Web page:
Friday, October 2nd, 2015 by Audrey Simmons
No matter where you live or what time of year it is, a flood can happen to you. From river and coastal flooding to flash floods, inland flooding, and storm surges, water can appear in unwanted places gradually or all at once.
Flooding is one of the most frequent and costly natural disasters. Frequent because it can happen anywhere, and costly because of the havoc it can wreak on your home and community. The Federal Emergency Management Agency (FEMA) reports that each year, about 90% of all disaster-related property damage results from flooding.
Water damage is no joke and can cause:
Structural and personal property damage - an inch of water can destroy porous materials such as carpeting, drywall, appliances, and furniture. Heavy flooding goes beyond that and can damage ducts, heating and air conditioning systems, roofing, sewer and electric lines, framing, and even the foundation of your home.
Health risks - flood waters coming into your home may contain mud, oil, gasoline, raw sewage, pesticides, and other chemicals. The World Health Organization (WHO) reports that floods have the ability to transmit water borne diseases like typhoid fever, cholera, leptospirosis, and hepatitis in addition to vector borne diseases such as malaria, dengue and dengue haemorrhagic fever, yellow fever, and West Nile Fever.
Mold - According to the Centers for Disease Control and Prevention, mold can start growing in as little as 24 hours after flood waters hit your home. Mold can damage your home and belongings as well as your personal health.
What can you do?
Prepare yourself, your family, and your community for a flood. The American Red Cross recommends having these items available and ready in case of an emergency evacuation:
- Water (at least a 3-day supply; one gallon per person per day)
- Food (at least a 3-day supply of non-perishable, easy to prepare food)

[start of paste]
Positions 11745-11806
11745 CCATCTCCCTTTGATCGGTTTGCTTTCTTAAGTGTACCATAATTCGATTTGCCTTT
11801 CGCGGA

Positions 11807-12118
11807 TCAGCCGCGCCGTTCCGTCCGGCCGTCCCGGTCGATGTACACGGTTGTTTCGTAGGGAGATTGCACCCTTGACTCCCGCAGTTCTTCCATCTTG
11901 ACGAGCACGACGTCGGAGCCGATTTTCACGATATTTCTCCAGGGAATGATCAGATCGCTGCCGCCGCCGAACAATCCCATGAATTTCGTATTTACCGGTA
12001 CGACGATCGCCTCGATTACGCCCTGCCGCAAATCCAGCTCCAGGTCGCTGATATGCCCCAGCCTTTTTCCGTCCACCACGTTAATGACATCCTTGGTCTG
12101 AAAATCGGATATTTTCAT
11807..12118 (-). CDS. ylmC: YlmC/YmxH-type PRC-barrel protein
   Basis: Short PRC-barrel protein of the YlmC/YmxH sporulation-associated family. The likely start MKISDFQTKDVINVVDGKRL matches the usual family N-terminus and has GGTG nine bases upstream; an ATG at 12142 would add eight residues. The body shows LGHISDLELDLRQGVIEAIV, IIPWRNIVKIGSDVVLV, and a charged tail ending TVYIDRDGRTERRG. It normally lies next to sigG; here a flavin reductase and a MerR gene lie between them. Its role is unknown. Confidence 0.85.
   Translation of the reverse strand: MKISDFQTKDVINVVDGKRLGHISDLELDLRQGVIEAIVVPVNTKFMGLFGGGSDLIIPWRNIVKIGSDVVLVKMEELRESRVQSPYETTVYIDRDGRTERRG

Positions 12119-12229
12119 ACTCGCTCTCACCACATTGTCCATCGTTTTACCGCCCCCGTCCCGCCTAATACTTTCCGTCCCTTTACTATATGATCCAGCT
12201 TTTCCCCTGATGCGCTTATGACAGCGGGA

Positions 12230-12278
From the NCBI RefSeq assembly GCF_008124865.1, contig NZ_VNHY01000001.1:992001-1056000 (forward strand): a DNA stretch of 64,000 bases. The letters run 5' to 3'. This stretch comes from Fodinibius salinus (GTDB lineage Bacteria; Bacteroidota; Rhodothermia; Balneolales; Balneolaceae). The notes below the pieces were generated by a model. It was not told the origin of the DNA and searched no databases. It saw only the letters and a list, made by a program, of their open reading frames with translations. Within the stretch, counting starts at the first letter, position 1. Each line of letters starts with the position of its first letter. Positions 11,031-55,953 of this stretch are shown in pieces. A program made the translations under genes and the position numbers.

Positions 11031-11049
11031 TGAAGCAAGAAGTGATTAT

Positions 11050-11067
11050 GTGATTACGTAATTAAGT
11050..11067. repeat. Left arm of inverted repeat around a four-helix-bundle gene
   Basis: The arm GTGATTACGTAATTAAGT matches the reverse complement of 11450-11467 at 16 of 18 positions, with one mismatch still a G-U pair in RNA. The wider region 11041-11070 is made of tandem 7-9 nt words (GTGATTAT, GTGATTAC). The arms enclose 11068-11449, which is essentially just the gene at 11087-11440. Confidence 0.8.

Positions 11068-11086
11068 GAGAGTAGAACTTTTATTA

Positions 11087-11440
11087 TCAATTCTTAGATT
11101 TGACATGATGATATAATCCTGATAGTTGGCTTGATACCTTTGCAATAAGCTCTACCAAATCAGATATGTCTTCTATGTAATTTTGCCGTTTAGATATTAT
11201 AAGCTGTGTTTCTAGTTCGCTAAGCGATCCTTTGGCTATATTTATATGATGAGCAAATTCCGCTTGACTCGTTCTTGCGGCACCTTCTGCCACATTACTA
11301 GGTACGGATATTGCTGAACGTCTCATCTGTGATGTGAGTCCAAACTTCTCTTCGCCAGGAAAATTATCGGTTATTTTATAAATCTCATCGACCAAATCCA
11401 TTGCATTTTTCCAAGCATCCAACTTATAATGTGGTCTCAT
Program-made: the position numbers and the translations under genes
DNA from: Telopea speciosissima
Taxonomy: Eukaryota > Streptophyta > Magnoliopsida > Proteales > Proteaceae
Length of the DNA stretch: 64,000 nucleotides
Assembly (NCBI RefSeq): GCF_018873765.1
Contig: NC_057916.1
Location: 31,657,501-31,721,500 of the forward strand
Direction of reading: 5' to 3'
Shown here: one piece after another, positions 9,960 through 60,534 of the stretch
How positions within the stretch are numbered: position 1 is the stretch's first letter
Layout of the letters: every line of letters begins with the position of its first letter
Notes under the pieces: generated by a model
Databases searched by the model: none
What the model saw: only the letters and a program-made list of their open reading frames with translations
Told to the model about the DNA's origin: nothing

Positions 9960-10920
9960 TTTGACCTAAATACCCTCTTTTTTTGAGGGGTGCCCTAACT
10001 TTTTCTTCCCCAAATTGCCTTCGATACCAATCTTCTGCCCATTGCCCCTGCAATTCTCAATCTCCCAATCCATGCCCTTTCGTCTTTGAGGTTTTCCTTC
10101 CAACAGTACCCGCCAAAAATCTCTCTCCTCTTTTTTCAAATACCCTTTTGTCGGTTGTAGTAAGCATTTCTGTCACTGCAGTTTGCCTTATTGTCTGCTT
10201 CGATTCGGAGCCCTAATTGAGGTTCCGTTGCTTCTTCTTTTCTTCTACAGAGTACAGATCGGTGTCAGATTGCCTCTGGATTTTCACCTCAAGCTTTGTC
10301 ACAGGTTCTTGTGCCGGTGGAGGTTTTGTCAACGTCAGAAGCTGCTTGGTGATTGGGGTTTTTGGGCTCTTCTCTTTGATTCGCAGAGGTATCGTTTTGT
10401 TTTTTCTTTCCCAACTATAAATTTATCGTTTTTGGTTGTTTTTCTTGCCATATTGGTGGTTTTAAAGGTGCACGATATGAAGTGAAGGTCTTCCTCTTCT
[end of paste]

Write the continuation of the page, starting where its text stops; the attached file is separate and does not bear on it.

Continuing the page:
- Battery powered/hand crank weather radio
- Extra batteries
- First Aid kit
- Medications (7-day supply) and medical items (hearing aids with extra batteries, glasses, contact lenses, syringes, cane)
- Multi-purpose tool
- Sanitation and personal hygiene items
- Copies of personal documents (medication list and pertinent medical information, deed/lease to home, birth certificates, insurance policies)
- Cell phone with chargers
- Family and emergency contact information
- Extra cash
- Emergency blanket
- Maps of the area
- Baby supplies (bottles, formula, baby food, diapers)
- Pet supplies (collar, leash, ID, food, carrier, bowl)
- Tools/supplies for securing your home
- Extra clothing, hat, and sturdy shoes
- Rain gear
- Insect repellent and sunscreen
- Camera for photos of damage
Craig Keen, a project manager at Baxter Restoration tells us, “It’s important to be prepared for a flood, but you can also help stop one from occurring by remembering these tips. Turn off your water at the meter when leaving home for an extended period of time, inspect under your sink frequently to check for slow leaks, have your insurance company’s phone number handy in case you need to file a claim, and remember to use one of their preferred vendors.”
A flood is happening now - what should I do?
During a flood, stay tuned in via television or radio for weather and disaster updates. A flood can knock out your power so it’s important to have a battery powered/hand crank weather radio handy. If a flood warning has been issued in your area, be prepared with your emergency gear and head for higher ground. Do not drive or walk through flood waters - they could be contaminated or deeper than you think. If you have to evacuate your home, don’t return back until officials have declared the area safe. After a flood you may find loose power lines, damaged gas lines, foundation cracks and damage, wild animals (especially snakes), contaminated water, and electrical appliances that have been exposed to water.
You can never be too prepared for a flood or any other type of disaster. Make a clear and concise plan with your family and members of your community, have your flood preparedness items packed up and ready to go, and try to stay calm and clear headed throughout the experience.
our service area